Woe is me
What does a spiritual experience look like? Warm feelings? Good vibes? Not according to Isaiah.
In Isaiah chapter 6, the prophet has the ultimate spiritual experience. He meets the LORD:
“In the year that king Uzziah died I saw also the LORD sitting upon a throne, high and lifted up, and his train [i.e. the train of His robe] filled the temple. (Isaiah 6:1)
Isaiah sees the LORD Jesus Christ 700 years before He was made flesh. We know that this is Jesus because no-one has ever seen the Father. Appearances of God are always appearances of God the Son (John 1:18; Colossians 1:15). And John tells us categorically that it was Jesus’ glory which Isaiah saw (John 12:40-41).
How does Isaiah respond to meeting Christ? In terror!
Then said I, “Woe is me! for I am undone; because I am a man of unclean lips, and I dwell in the midst of a people of unclean lips: for mine eyes have seen the King, the LORD of hosts”. (Isaiah 6:5)
The appearance of the LORD is not an explicable event on a continuum with his other experiences. As Job found when he met the LORD, a divine encounter ruins everything. Isaiah is “undone”. He is exposed. And he cries “Woe is me.”
This is interesting because in the previous chapter, Isaiah had been dishing out “woes” on other people. “Woe” is a word that combines judgement with just a dash of sympathy. To say “Woe to you” is to say “I wouldn’t want to be in your shoes.” And Isaiah has been declaring “woes” to all around him.
In Isaiah 5 he hands out 6 “woes”. There are “woes” to the greedy, the drunkards, the deceitful, the perverse, the arrogant, the corrupt – a six-fold denunciation. But, biblically speaking, six is an incomplete number. It would be like a sailor bragging that he’d sailed the six seas. He’s missing one. Where’s the seventh?
Well in the temple we read about the seventh woe. Isaiah had been saying woe to you, to you, to you, to you, to you and to you. But when he meets the LORD Christ he is humbled: “Woe is me!”
That’s where a true encounter with God leaves us. Unable to point the finger at anyone else but profoundly aware of our own spiritual poverty before the Lord.
This is significant because Isaiah is a prophet and fantastic with words. His lips are his best feature. Yet even his best feature is entirely unclean before the LORD Jesus. That’s how unsettling a true divine encounter is.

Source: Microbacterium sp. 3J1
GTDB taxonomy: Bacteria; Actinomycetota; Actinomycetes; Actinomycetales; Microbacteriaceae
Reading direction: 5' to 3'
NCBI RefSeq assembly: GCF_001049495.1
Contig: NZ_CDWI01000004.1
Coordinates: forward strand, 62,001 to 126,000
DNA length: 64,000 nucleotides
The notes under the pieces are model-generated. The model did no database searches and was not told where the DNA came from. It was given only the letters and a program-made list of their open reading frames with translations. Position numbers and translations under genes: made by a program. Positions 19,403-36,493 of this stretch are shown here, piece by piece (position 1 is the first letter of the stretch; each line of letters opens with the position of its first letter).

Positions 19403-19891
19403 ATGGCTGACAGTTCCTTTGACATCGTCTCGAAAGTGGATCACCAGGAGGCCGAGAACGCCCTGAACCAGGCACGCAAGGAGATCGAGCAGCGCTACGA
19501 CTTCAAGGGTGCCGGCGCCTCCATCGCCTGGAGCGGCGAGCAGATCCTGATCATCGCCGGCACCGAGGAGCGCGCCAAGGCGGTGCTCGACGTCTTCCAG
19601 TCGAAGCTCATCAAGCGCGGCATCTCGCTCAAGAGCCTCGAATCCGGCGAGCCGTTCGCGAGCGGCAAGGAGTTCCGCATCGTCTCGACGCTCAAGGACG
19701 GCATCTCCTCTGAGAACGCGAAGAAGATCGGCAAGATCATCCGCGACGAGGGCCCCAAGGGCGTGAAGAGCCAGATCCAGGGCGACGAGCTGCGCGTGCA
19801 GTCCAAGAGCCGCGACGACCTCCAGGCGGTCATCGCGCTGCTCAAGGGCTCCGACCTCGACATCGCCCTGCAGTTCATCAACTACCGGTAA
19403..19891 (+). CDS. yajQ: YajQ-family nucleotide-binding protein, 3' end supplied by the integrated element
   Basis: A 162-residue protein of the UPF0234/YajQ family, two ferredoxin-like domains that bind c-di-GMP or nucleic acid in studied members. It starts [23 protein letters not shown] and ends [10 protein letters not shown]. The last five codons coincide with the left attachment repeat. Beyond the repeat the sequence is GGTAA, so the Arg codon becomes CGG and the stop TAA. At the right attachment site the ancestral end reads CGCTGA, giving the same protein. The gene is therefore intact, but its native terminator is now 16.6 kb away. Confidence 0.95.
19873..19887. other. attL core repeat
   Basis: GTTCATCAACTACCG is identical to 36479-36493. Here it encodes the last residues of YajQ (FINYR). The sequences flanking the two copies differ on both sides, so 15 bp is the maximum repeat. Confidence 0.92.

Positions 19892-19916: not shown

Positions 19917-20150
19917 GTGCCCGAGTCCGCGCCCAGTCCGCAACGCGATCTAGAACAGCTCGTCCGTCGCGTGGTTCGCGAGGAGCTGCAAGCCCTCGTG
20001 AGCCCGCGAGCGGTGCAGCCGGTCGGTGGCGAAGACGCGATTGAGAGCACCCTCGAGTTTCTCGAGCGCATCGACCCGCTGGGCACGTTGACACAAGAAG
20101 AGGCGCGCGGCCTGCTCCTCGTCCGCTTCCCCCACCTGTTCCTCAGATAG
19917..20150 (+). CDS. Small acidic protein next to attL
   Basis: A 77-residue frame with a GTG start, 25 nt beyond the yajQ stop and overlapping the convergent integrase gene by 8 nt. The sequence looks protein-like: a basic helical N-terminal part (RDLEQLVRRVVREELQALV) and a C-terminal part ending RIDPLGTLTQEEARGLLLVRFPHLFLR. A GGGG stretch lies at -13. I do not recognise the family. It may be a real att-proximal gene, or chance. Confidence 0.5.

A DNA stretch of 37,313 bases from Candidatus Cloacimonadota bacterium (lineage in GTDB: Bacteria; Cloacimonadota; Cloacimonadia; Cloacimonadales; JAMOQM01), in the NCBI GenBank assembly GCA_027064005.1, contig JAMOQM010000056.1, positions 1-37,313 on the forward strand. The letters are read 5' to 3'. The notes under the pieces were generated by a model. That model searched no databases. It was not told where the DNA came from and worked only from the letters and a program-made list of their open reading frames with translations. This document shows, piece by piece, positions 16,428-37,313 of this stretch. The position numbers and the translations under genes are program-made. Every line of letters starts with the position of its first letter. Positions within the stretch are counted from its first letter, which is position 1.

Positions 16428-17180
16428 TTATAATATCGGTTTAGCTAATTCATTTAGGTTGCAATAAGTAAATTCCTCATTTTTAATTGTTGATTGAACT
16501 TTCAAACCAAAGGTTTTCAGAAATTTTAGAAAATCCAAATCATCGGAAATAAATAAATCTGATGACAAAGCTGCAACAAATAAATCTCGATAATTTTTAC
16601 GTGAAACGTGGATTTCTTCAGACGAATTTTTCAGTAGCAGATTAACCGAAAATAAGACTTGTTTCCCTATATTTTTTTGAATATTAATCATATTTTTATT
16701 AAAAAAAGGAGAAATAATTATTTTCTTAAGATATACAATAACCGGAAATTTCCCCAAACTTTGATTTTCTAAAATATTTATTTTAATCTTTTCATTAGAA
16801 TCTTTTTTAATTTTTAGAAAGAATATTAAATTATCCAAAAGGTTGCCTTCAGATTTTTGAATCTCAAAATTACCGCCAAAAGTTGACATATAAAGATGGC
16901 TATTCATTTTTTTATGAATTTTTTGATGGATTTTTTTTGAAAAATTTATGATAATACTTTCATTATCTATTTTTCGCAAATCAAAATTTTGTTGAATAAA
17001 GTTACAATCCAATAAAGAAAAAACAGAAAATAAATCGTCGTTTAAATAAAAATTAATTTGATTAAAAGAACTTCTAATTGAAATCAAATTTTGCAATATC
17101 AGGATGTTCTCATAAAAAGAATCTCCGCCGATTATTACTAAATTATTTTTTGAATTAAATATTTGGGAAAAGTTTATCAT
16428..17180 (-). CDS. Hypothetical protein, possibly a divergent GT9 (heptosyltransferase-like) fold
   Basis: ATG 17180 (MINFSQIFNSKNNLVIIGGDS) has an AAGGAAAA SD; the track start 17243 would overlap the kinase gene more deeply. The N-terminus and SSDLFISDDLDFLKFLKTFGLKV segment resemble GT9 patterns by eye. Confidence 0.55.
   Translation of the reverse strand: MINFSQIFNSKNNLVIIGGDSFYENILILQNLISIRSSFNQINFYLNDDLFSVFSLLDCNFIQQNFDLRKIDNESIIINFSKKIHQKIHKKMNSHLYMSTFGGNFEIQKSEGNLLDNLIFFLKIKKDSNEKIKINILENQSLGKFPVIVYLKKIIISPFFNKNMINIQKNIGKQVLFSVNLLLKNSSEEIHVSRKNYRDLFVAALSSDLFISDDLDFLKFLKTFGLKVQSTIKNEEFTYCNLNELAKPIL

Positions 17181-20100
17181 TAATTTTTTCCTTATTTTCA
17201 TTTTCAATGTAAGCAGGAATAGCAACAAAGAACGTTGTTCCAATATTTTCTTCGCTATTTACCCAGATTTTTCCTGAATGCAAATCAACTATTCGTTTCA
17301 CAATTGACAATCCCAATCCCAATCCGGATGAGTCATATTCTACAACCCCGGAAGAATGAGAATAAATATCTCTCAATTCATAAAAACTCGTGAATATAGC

What hope is there for Isaiah?
Well surprisingly, hope comes in the form of judgement.
Then flew one of the seraphims unto me, having a live coal in his hand, which he had taken with the tongs from off the altar: And he laid it upon my mouth, and said, “Lo, this hath touched thy lips; and thine iniquity is taken away, and thy sin purged”. (Isaiah 6:6-7)
Imagine yourself in Isaiah’s sandals. You have just confessed your corruption before the LORD Almighty. In response one of His flaming angelic servants flies at you with a burning coal taken from the altar – the place of judgement. Surely this is the end of the road for Isaiah. And yet the judgement becomes the cleansing. The coal from the altar doesn’t harm but heals.
What a picture of Christ’s cross. His altar ought to be our judgement. Yet Jesus endures the burnings for us. And now through His death it becomes our cleansing. We are driven down in confession but raised up in forgiveness.
Have you been too busy declaring “woes” to other people? Do you know what it is to be “undone” in the presence of King Jesus?
If so, what have you confessed to the LORD Jesus? What woeful corruption is laid bare in his presence? Here’s the truth of the matter: if you have named it before Him, know that, through His cross, forgiveness flies to you, touches that guilty part and Christ’s verdict is this:
thine iniquity is taken away and thy sin is purged.
This is a true spiritual experience. It casts us lower than we’d ever have imagined and lifts us higher than we’d ever have dreamed.